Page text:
Those of you unfa­mil­iar with Pharyngula might have missed a link from PZ.

We have a new euphemism and a poten­tial new reg­u­la­tion from the Bush admin­is­tra­tion: “provider con­science rights”. What this is about is pro­vid­ing reli­gious doc­tors with loop­holes so that they can avoid respon­si­bil­ity for treat­ing patients with the best pos­si­ble care — so they can use reli­gious excuses to jus­tify neglect.

That’s not really hys­te­ria on PZ’s part; there’s rea­son to be con­cerned. I looked over the press release cov­er­ing this pro­posed change, and left a com­ment on the government’s feed­back sys­tem. You might want to do the same. My mes­sage to the fed is under the fold.

From the press release regard­ing this pro­posed change:

“This pro­posed reg­u­la­tion is about the legal right of a health care pro­fes­sional to prac­tice accord­ing to their con­science,” HHS Secretary Mike Leavitt said. “Doctors and other health care providers should not be forced to choose between good pro­fes­sional stand­ing and vio­lat­ing their con­science. Freedom of expres­sion and action should not be sur­ren­dered upon the issuance of a health care degree.”’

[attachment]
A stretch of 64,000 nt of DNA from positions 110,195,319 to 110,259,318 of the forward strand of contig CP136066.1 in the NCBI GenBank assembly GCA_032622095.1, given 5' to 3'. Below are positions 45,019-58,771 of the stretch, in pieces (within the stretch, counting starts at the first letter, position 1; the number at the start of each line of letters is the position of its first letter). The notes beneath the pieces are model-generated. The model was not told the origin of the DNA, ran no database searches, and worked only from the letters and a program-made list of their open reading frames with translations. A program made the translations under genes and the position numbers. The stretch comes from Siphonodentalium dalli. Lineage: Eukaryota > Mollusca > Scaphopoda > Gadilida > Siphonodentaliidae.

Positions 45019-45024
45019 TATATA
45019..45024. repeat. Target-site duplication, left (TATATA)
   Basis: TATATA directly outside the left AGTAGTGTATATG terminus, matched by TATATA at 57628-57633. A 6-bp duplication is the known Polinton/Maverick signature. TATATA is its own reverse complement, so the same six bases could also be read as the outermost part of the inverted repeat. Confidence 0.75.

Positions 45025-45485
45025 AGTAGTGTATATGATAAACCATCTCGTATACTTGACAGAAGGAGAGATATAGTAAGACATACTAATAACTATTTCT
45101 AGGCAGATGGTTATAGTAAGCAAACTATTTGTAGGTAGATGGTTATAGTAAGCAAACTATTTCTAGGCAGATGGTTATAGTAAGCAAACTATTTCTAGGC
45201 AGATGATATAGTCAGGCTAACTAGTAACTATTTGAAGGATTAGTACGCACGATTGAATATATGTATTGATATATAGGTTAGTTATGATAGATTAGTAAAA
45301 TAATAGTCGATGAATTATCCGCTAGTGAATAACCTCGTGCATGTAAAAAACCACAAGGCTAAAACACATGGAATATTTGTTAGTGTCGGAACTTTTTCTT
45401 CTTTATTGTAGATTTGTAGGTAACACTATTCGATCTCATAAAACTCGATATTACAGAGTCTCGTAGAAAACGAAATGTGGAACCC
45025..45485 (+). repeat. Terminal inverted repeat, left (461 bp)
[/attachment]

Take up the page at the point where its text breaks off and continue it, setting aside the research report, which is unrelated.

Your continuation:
I can­not dis­agree more, or more stren­u­ously. “According to con­science” is Trojan lan­guage that essen­tially means “accord­ing to reli­gious belief”. Despite pro­pa­ganda to the con­trary, the US is a sec­u­lar nation. Science is an utterly sec­u­lar pur­suit. And med­i­cine is sci­ence. Allowing a physi­cian to object to a med­ical pro­ce­dure on the basis of “con­science” is tan­ta­mount to allow­ing a biol­o­gist to reject the fact of evo­lu­tion on the basis of per­sonal discomfort.

This change is not an improve­ment. It’s merely an oppor­tu­nity for some health­care providers to impose their per­sonal moral beliefs on patients, essen­tially tak­ing on the role of pass­ing judg­ment with­out hav­ing to live with the con­se­quences. A physi­cian who does not believe a given pro­ce­dure is morally accept­able might want to con­sider chang­ing pro­fes­sions to some­thing more appeal­ing to his or her squea­mish nature.

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